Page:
Developing complex, high resolution optics systems is a multi-disciplinary R&D challenge requiring a high degree of technical collaboration between mechanical designers and optical systems design engineers as well as experienced structural and thermal analysts. The Structural/Thermal/Optics Performance (STOP) evaluation of a telescope or laser system is a critical element of today’s optics system design process.
Aerospace project teams are often located in different physical sites and usually belong organizationally to several different functional departments, thus leading to multiple barriers hindering design collaboration and engineering productivity. Optics systems design and analysis teams also face the challenges of working with a wide range of COTS and in-house software tools, often needing to build and maintain custom interfaces and fragile linkages between these legacy software systems. Manual data exchange and re-purposing of design data for use by the various simulation disciplines is common, leading to wasted time as well as human errors in performing the performance simulations.
Keeping the analysis results current with the evolving mechanical and optics design data and being able to track design variants and configurations having multiple simulation models in each stage of the design is virtually impossible using today’s manual methods and, even with current engineering analysis tools, is at best a major process bottleneck and a drain on engineering productivity. The need for a design and analysis decisions “audit trail” and verifying the pedigree of models and results data over the course of programs that can last years or even decades is becoming increasing critical.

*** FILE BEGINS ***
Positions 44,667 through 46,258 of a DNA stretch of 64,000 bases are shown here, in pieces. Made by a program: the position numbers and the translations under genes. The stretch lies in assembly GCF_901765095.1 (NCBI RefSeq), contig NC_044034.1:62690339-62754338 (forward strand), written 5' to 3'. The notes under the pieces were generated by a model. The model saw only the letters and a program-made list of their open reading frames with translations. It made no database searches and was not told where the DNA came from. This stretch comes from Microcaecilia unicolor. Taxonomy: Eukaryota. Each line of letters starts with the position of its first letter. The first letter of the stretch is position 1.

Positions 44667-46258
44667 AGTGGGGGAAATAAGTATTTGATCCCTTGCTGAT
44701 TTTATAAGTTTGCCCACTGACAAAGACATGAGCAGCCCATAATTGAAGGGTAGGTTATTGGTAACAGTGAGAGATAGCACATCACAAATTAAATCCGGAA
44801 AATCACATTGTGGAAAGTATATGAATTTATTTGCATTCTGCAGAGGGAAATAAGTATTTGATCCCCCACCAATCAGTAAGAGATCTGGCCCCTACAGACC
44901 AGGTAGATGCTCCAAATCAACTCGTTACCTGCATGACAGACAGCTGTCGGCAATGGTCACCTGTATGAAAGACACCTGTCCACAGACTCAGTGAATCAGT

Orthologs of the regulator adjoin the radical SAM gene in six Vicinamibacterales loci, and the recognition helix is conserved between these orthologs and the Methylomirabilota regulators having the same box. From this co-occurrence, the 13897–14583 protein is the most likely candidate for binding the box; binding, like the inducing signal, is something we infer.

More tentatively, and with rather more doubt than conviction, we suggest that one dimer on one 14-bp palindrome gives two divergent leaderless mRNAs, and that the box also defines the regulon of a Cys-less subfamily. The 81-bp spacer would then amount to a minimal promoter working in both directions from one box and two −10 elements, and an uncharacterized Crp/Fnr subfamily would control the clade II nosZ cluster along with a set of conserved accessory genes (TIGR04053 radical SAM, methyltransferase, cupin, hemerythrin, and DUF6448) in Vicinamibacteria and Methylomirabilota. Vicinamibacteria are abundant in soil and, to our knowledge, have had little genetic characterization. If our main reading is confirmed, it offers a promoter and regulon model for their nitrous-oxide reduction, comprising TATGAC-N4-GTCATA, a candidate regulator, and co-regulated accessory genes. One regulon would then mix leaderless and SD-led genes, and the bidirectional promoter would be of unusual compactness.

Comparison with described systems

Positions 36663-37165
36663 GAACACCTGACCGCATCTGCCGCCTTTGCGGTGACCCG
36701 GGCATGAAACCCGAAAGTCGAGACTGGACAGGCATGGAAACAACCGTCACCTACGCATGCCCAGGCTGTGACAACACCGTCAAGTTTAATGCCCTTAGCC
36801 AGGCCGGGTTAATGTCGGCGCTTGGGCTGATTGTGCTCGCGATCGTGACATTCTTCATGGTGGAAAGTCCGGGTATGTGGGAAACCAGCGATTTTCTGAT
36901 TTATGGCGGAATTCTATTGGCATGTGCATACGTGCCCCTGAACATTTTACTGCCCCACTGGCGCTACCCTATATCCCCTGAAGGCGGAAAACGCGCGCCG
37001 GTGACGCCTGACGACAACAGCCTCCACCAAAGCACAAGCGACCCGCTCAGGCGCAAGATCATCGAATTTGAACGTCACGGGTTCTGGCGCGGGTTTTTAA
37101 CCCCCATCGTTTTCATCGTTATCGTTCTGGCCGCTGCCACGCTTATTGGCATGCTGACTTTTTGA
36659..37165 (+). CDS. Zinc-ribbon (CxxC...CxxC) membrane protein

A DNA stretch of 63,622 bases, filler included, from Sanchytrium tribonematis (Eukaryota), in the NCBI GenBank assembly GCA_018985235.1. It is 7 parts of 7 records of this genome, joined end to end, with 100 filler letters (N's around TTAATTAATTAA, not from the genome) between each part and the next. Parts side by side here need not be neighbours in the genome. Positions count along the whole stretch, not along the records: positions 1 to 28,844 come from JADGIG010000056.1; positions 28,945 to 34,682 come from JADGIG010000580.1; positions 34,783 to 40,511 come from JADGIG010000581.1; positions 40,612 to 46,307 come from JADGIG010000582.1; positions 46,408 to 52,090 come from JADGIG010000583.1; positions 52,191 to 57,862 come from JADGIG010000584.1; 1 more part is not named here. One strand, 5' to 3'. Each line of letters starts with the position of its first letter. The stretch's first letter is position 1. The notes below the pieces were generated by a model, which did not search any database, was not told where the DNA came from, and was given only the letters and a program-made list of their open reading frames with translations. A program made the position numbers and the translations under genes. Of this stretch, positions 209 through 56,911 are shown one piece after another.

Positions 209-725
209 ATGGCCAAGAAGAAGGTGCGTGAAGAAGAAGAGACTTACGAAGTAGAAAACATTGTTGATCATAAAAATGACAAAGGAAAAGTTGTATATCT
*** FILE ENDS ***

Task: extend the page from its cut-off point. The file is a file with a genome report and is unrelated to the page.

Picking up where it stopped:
In addition, building and testing full scale physical prototypes is extremely expensive and in some cases totally impractical, especially for complex space and defense systems. The earlier and more often that high-fidelity, model-based design analysis is performed for standard performance prediction processes such as STOP, the less a new program needs to depend solely on such physical prototype iterations and the greater the confidence in the delivered system meeting the targeted performance specifications.
How is STOP analysis done today and what are the limitations?
How does Comet address issues with the current process?
Stop working on an island – Engineers who work in the Comet Workspace unify their current 3D CAD tools and other math-based calculation tools such as Excel, MatLab, FEA solvers, optics applications, multi-body dynamics solvers, thermal solvers, meshing tools, and in-house simulation codes.
With Comet/Optronics, you only need to build and maintain a single model as described in the chart below.
|STOP in the Comet Workspace|
|A typical workgroup might include: